Thesaints wrote: ↑Wed Mar 27, 2019 1:11 am
If you handed them a check, it certainly is a reportable donation.
If you paid for a vacation where they came with you, it is a lot less certain.
Treating members of the family, or otherwise close relatives and even friends, to certain activities especially when they are enjoyed togethr, is considered part of someone's ordinary life and does not generate taxable donations.
That is what my tax/estate guy told me. Not just general 'ordinary life', but specifically that you can consider inviting people along for a vacation, or dinner, to be for your own purposes, their company. If you *send* somebody on a vacation (like pay for a kid's honeymoon), that's definitely a gift.
Here's a blog post quoting an estate attorney giving a similar analysis for paying for a wedding, directly to wedding service providers:
"If the parents contracted with wedding vendors and paid them directly, the parents could reasonably argue the money was not a gift because they were fulfilling a “perceived cultural obligation,” says Steve Harnett, associate director of education with the American Academy of Estate Planning Attorneys. Or they could argue the party was as much for them as for their children."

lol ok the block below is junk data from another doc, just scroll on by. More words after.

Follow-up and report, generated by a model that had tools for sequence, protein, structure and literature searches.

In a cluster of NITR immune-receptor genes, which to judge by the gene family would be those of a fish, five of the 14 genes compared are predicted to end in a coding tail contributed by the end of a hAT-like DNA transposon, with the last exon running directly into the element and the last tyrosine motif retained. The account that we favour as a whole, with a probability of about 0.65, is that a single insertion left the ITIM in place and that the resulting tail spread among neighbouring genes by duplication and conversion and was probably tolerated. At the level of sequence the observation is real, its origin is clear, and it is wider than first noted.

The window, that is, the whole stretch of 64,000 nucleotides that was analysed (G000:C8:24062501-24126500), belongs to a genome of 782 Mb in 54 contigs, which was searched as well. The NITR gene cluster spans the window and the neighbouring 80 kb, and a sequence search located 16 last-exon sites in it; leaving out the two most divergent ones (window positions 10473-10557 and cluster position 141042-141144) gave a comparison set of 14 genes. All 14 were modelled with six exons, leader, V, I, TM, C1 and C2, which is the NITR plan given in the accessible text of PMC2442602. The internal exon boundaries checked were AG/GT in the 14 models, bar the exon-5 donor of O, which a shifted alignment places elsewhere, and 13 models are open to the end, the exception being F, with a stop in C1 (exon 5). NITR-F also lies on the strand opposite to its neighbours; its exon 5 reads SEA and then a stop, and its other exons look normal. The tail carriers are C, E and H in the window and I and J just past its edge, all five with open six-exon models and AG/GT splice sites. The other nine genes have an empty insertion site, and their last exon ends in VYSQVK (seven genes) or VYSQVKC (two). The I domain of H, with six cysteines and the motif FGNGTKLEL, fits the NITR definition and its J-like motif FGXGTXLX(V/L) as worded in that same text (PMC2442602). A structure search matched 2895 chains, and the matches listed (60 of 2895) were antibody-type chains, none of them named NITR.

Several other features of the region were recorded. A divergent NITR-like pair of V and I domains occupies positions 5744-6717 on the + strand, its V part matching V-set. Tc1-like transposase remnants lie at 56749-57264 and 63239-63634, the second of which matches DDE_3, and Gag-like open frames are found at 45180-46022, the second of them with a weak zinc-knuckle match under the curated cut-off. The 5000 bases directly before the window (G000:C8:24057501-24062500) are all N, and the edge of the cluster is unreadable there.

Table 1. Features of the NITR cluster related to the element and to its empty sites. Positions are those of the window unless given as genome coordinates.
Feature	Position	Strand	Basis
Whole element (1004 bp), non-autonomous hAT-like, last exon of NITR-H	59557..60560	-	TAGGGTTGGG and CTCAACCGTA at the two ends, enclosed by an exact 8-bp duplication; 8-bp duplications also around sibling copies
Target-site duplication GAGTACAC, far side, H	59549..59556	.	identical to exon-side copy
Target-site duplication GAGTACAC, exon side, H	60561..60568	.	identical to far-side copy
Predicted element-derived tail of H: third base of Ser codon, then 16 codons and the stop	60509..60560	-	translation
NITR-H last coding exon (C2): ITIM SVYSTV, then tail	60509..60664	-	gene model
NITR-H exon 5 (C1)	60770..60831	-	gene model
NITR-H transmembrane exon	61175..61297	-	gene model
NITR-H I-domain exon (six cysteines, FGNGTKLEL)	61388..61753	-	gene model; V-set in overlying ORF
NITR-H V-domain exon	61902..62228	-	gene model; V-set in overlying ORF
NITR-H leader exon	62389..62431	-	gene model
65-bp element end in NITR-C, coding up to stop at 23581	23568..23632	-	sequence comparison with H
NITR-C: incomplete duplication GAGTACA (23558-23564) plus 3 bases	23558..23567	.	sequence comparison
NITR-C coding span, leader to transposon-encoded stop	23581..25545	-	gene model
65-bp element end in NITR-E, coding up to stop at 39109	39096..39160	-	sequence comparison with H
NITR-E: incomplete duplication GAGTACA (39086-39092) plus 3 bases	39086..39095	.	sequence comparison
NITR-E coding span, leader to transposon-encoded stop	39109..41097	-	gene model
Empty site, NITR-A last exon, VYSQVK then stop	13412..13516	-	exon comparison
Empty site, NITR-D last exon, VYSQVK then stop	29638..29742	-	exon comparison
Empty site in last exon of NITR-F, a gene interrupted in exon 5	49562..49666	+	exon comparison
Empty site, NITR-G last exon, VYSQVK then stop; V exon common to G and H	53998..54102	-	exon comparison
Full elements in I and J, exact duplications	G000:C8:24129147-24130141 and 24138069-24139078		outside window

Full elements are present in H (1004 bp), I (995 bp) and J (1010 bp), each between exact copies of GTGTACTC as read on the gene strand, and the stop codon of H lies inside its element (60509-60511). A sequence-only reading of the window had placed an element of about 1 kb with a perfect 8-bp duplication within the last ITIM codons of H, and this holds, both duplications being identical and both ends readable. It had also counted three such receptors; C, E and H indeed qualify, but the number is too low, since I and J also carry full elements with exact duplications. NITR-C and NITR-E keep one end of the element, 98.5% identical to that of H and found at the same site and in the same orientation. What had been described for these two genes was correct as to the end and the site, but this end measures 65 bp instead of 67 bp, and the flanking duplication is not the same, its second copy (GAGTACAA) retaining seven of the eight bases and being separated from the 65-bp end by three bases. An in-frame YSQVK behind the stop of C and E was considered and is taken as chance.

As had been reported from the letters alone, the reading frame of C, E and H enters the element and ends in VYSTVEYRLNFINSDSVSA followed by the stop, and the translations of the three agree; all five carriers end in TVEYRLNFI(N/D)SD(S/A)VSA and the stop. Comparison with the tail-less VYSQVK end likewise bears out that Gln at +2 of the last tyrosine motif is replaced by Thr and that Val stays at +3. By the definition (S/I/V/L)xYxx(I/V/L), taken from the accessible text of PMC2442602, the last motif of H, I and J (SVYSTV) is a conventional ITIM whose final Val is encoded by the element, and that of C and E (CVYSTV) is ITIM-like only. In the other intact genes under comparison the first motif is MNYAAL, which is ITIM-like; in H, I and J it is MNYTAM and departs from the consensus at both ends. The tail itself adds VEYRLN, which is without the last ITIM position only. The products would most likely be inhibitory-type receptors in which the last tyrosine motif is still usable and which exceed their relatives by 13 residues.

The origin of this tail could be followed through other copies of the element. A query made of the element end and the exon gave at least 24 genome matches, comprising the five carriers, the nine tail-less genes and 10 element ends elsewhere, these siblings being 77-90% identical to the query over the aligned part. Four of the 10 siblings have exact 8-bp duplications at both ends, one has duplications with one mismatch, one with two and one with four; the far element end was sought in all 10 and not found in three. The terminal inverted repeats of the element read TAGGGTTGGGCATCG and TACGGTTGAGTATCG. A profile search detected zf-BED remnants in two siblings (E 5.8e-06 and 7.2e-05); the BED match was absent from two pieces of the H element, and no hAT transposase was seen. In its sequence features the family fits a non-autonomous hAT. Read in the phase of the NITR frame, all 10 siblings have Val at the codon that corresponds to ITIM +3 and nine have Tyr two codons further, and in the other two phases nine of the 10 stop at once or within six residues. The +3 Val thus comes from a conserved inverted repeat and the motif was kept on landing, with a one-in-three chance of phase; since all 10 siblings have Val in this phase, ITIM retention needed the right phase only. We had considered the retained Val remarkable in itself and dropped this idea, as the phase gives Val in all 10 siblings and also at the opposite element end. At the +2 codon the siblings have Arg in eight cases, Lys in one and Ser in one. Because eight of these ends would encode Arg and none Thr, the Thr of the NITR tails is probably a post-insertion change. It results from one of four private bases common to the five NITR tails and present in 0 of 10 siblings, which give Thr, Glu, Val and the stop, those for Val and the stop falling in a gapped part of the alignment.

Although it also gives this rationale which might not sit as well with sticklers:
"In practice, the tax professionals I spoke to have never seen weddings reported on gift-tax returns, nor have they seen any rulings or court decisions on the subject."
https://blog.sfgate.com/pender/2013/05/ ... -gift-tax/
That is to say, high horses sometimes get saddled up when anyone starts with 'in practice' about tax rules
. But the plain reality is tax rules aren't always 100% clear, there's no moral obligation to lean in the direction of paying more when they aren't clear, and you can't say it's 'dishonest' or 'evasion' not to report something until you've clearly demonstrated it's legally required to report it. The only moral obligation in tax paying is to follow the law. When it's not wholly clear what the law requires, then moral scolding should go out the window, IMO. You can *practically* say it's desirable to avoid possible hassles with the IRS even on things where you might be right, but then it's back to practicality, part of which is the likelihood the thing in question would ever be challenged.